This young roe buck is a regular at one of my camera traps.
Roe deer shed their antlers in autumn and grow a new set over winter. The growing antlers are covered in short dense hair known as velvet.
This youngster, born in the late spring, is now growing his very first crown.
When he frays the velvet to reveal his new antlers next spring they will probably be single spikes, making him a “spiker” or “two pointer”.
This all depends upon habitat, and how well it provides food, minerals and security.
In the best roe habitat it is not unknown for such first crowns to be six pointers, three on each side. Normally roe deer only ever attain six-point crowns.
Though, of course, the six point crowns of such precocious young bucks are very light and small compared to those of mature six-point bucks. More likely a good first crown would be four points, i.e. two on each side.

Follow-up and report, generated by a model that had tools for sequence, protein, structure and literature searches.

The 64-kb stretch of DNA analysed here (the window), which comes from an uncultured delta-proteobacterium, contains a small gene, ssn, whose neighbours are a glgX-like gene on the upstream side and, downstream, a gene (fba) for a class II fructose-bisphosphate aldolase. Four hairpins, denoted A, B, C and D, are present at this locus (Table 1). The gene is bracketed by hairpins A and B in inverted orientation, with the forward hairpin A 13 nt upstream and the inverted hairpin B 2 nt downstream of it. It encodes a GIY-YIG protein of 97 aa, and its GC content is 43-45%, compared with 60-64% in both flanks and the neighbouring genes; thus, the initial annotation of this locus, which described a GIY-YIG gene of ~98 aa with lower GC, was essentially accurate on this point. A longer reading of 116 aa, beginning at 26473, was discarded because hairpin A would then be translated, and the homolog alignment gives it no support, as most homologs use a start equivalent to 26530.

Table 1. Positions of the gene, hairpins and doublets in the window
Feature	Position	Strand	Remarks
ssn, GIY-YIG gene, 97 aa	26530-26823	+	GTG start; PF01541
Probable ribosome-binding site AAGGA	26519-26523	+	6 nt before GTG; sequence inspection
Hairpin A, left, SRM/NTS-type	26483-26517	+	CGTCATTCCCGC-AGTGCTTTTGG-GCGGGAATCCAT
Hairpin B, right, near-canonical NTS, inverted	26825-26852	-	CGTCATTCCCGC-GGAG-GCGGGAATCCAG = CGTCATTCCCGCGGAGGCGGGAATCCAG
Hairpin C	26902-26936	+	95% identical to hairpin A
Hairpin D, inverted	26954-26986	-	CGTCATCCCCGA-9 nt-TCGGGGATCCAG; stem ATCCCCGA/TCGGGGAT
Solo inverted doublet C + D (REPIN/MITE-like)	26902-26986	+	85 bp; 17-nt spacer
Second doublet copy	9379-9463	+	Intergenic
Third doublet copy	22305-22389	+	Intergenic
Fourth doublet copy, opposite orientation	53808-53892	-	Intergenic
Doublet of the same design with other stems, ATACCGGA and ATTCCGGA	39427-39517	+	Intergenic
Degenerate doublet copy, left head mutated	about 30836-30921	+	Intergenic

Now that roe are on walkabout, away from from their small and fiercely-defended breeding territories of summer, they will be mixing with other roe.
Sometimes these meetings are quite lively affairs, as was the case when this young buck met a young doe on the wee patch of woodland watched over by this particular camera.
For at least a couple of minutes, as timed by the camera, the duo enjoyed a hectic game of pushing and shoving, shoulder to shoulder, round and round in tight circles.
What an honour to witness such a secret moment in the lives of two young deer.
I always set my cameras to take stills, as that is what I have most use for.
However, on this occasion I was left wishing I had set the controls to video.
Now that would have been an entertaining two minutes!